Muhammadu Buhari: His government may have found a silver bullet against P&ID’s $9.6b claim
The Buhari administration may have found a silver bullet to shoot down the $9.6billion world record claim against Nigeria’s assets by Irish company Process and Industrial Development(P&ID).
According to reports, the rock-solid defence is contained in a UK law, that gives immunity to Sovereign states. Going by the law, P&ID should not even have dragged Nigeria to any arbitration or a commercial court, to try to milk Nigeria of hard-earned revenue.
But first of all, Nigeria intends to file a stay-of-execution of the judgment at the end of the month when the UK courts resume and has opted not to negotiate any deal with P&ID.
Thereafter, the government will file an appeal based on the extant law of the United Kingdom.
UK’s State Immunity Act 1978 (the Act) bars UK courts from confiscating assets of a foreign state without the consent of that state, gives it a leeway in the matter.
In an illuminating article on the law published in March this year, Quinn Emanuel Urquhart & Sullivan LLP (the largest law firm in the world devoted solely to business litigation and arbitration, said the Act allows a written consent of a foreign state before the enforcement of a judgment which could lead to seizure of assets or freezing of accounts.
The article was titled “Sovereign Immunity in the United Kingdom—Lexology”
The law firm wrote: “Section 13(2) of the Act provides that:(a) relief shall not be given against a State by way of injunction or order for specific performance or for the recovery of land or other property; and (b) the property of a State shall not be subject to any process for the enforcement of a judgment or arbitration award or, in an action in rem, for its arrest, detention or sale.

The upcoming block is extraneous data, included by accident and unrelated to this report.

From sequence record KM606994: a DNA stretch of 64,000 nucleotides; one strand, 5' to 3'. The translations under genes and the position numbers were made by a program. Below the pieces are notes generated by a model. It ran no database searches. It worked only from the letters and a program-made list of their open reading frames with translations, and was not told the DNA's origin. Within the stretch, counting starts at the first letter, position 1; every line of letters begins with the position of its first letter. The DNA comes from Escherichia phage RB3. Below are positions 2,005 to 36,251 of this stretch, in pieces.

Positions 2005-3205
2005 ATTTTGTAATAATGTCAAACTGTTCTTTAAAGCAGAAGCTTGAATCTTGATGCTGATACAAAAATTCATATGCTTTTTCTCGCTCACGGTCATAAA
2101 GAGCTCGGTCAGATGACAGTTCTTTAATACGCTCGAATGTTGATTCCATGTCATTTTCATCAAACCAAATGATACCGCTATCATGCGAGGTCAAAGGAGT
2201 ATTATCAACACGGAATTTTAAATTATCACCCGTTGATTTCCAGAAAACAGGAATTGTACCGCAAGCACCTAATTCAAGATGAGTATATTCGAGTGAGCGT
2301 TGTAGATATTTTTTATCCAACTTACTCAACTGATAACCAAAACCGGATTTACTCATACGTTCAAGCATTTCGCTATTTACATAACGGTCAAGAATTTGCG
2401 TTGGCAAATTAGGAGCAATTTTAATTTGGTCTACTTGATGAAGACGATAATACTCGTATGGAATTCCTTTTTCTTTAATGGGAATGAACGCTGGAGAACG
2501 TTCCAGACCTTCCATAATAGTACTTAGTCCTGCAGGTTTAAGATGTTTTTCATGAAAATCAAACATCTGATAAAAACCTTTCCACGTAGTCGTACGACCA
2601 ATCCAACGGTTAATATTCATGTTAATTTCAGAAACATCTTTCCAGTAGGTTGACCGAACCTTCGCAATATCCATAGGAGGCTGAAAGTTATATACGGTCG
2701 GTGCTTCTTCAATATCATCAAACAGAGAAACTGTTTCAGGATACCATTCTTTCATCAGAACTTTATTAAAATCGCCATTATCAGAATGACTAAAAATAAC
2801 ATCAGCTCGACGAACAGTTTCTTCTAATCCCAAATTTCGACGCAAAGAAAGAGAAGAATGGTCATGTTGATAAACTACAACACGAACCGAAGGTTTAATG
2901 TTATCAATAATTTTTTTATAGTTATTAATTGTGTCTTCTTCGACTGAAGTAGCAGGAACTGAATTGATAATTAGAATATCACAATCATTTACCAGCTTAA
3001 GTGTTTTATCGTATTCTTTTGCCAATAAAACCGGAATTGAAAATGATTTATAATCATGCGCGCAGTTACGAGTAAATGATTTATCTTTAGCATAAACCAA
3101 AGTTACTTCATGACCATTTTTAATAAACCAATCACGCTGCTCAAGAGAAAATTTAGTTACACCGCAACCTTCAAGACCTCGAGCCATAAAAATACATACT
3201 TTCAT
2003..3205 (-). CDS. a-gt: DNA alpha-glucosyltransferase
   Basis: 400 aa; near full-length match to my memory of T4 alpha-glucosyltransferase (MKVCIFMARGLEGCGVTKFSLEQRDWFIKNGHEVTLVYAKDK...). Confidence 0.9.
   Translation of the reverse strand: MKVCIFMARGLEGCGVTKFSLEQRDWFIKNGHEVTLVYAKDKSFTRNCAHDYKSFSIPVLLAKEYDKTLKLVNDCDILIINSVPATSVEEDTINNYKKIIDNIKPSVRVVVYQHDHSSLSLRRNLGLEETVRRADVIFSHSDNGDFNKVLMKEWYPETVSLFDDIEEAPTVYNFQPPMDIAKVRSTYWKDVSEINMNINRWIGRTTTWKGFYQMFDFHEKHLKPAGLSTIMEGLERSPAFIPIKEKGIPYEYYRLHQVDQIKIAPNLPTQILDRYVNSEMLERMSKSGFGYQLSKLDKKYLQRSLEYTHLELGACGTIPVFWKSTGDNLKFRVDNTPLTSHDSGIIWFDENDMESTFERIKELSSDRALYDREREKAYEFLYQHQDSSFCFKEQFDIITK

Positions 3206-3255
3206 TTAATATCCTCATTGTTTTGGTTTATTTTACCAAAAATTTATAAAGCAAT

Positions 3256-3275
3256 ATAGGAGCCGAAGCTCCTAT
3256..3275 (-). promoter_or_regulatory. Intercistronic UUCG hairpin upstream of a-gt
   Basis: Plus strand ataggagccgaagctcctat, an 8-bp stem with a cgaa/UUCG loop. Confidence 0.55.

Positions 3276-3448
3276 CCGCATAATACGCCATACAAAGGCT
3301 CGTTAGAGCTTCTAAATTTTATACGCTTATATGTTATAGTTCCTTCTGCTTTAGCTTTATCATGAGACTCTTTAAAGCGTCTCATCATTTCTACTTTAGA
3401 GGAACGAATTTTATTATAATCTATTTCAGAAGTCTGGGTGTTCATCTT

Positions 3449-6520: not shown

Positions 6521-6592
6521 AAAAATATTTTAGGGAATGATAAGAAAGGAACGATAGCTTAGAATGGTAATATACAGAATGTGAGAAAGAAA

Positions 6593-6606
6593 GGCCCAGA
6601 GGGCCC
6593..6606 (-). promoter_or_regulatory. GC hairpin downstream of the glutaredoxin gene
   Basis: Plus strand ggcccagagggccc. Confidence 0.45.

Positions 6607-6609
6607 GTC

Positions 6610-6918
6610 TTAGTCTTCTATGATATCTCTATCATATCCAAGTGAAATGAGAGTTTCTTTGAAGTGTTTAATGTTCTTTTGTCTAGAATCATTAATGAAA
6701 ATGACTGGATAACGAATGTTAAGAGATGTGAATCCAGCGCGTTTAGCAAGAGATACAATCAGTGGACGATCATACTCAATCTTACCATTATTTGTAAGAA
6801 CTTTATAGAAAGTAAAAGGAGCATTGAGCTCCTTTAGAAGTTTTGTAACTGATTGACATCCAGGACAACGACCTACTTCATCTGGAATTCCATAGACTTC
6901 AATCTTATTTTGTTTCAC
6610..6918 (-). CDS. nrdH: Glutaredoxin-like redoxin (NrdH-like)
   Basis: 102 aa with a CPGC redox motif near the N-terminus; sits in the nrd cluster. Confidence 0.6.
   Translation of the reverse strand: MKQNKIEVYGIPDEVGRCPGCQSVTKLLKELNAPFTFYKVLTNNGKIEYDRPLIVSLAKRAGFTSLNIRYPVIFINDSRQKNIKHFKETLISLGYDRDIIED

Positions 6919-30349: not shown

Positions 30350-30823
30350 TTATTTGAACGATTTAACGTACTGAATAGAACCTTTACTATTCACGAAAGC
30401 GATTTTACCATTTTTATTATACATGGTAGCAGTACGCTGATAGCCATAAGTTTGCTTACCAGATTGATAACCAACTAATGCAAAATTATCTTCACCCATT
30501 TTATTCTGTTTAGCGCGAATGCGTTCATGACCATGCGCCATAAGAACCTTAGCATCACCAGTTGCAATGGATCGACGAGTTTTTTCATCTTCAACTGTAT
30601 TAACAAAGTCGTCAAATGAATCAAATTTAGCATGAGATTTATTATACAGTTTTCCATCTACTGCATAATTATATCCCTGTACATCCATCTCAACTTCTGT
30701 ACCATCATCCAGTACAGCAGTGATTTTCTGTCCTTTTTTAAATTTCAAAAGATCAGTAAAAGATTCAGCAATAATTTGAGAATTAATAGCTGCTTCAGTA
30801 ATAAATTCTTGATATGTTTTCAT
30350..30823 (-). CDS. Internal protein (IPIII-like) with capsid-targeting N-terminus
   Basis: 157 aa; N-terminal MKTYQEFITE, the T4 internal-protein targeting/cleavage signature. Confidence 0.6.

“Pursuant to section 13 of the Act, state assets ‘shall not be subject to any process for the enforcement of a judgment or arbitration award or, in an action in rem, for [their] arrest, detention or sale’ unless the state has provided its written consent (see, for example, Gold Reserve Inc v Venezuela  EWHC 153 (Comm), finding that Venezuela had submitted to arbitration in writing by entering into a bilateral investment treaty (BIT) with Canada) or the assets in question are ‘in use or intended for use for commercial purposes’ (section 13(2)-(4)). These provisions apply in respect to states alone as defined in section 14 of the Act, and do not therefore extend to separate entities.
“This provision is subject to sections 13(3) and 13(4) of the Act. Pursuant to section 13(3), a state may provide written consent to the grant of any relief against it. It follows that a state may consent to the grant of interim or injunctive relief against it; however, the mere submission to the jurisdiction of the UK courts does not constitute such consent.”